At long last, the dissertation is complete! It has morphed in seemingly innumerable ways since I began in 2013, such that it is completely unrecognizable with regard to the original research proposal I submitted to Cambridge aeons ago. But it is ready to mail in all its tree-killing glory.
Old Testament Conceptual Metaphors and the Christology of Luke’s Gospel
Some interesting statistics:
- Final version number of my Word document: 139
- Word count: 79, 941 (of permitted 80,000)
- Prolegomena: 12
- Content: 230
- Bibliography: 90
- Appendix (published articles that are “spin-offs” to thesis): 171
- Number of chapters: 6
- Number of pictures: about 20 (exciting stuff!)
- Number of times I use the British academicspeak “suggest(s)” to soften a proposed conclusion: 73 (literally)
- Font: SBL BibLit
This study sits at the intersection of three sub-fields of NT scholarship: NT Christology (specifically Lukan), use of Israel’s Scriptures in the NT, and metaphor theory. It argues that the Gospel of Luke employs certain conceptual metaphors reflected in Israel’s Scriptures in a particular way to portray the identity of Jesus as both an agent of salvation and, more provocatively, the one God of Israel.
Chapter One presents an overview of prior scholarship on Lukan Christology and positions this study with respect to approach (titles, Religionsgeschichte, narrative, themes/motifs) and outlook (“low,” “high,” both). An outline of research on Luke’s christological use of the OT identifies the challenges arising when the typical criteria of biblical “intertextuality” (quotations/allusions/echoes) are strained. The chapter then articulates how conceptual metaphor theory (CMT) might provide a solution in certain cases.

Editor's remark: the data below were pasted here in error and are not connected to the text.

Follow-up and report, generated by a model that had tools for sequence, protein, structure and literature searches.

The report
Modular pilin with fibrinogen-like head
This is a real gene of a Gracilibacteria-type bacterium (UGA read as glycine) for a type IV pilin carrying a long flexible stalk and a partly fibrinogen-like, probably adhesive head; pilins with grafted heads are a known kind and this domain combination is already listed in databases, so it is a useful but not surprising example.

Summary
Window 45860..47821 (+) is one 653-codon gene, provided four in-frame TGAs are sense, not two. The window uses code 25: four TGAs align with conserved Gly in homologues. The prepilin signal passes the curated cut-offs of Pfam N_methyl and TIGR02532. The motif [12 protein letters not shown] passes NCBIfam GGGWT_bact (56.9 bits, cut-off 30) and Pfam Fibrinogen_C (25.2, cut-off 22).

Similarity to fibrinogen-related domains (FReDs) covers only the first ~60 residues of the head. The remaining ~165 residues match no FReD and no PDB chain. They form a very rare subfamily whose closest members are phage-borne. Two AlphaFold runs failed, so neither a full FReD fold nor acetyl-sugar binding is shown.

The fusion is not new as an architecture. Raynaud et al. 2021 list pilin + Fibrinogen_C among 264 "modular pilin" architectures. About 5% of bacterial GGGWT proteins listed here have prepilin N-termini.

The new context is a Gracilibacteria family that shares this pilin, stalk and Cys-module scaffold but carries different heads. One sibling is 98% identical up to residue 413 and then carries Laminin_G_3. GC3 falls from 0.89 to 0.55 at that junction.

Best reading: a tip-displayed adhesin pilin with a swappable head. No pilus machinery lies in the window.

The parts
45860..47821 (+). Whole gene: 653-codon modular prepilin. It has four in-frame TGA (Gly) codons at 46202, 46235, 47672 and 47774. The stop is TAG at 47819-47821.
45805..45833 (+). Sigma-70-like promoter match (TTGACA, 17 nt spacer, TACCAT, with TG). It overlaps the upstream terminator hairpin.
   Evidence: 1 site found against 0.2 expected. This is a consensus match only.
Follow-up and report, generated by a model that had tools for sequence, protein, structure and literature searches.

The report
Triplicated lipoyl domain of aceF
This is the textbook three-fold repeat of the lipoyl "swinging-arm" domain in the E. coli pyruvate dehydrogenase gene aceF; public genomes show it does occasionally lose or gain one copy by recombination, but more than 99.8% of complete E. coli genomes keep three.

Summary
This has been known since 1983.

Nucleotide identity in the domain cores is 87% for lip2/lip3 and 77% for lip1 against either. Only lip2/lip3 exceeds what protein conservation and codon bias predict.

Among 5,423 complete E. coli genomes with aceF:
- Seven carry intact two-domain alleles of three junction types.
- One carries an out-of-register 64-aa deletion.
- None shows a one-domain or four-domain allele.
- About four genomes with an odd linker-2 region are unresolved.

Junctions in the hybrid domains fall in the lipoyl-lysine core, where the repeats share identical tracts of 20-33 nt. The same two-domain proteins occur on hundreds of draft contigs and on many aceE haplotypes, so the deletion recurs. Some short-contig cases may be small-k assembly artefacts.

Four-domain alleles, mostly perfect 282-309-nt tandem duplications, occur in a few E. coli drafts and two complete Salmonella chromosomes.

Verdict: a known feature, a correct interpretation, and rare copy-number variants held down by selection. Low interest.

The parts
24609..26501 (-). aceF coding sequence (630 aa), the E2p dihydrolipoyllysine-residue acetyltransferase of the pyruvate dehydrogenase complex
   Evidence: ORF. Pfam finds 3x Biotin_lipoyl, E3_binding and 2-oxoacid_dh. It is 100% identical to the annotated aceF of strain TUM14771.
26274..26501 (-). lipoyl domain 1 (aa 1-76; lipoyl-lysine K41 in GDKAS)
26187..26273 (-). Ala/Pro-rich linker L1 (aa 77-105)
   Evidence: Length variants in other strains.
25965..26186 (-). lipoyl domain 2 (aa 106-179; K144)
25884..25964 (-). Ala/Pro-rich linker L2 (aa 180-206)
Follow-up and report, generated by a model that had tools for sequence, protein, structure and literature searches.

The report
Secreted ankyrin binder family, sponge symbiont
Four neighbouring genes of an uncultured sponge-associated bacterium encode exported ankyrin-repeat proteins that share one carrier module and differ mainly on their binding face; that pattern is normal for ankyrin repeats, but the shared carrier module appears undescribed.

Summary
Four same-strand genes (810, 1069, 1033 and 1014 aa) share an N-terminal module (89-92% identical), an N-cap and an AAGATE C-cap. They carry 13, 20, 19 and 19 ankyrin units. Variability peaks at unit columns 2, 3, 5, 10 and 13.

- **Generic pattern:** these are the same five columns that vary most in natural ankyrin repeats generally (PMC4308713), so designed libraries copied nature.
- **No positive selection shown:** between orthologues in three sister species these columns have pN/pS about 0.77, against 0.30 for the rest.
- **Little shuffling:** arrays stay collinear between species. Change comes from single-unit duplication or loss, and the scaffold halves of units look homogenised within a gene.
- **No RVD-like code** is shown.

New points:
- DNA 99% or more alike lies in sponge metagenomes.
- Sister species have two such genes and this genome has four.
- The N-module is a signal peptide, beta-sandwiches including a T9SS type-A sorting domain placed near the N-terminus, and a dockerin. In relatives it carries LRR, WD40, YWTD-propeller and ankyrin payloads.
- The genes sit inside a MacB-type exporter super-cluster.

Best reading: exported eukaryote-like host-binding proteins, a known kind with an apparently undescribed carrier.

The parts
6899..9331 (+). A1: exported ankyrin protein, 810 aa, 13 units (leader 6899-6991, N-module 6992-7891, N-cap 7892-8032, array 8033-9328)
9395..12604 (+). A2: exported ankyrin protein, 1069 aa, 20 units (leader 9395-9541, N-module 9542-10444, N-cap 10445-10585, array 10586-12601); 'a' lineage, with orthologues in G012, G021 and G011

Chapters Two–Five follow a consistent outline in analyzing Luke’s appropriation of OT metaphors in four christologically-significant passages: 1:68–69 (“horn”); 1:78–79 (ἀνατολή); 13:34–34 (“mother bird”); 20:17–18 (“stone”). The first section discusses background issues, challenges each metaphor presents on standard intertextual grounds, and prior scholarly interpretations. Section two uses CMT to explore how the source domain of each Lukan metaphor—HORN, DAWN/LIGHT, MOTHER BIRD, STONE—is mapped to various target domains in OT metaphors. Section three exegetes each Lukan passage in context to explore if and how these OT conceptual metaphors are re-mapped to Jesus. Section four assesses the christological implications of such re-mappings.
Chapter Six reflects on the broader significance of each chapter’s results. The divine OT metaphors mapping the source domains in question appear to be important ways of conceptualizing the identity of Israel’s God. It is suggested that the re-mapping of such divine metaphors to conceptualize Jesus’ identity within Luke’s Gospel implies a christological outlook best described as “divine identity,” though differing in certain respects from recent scholarship bearing that label.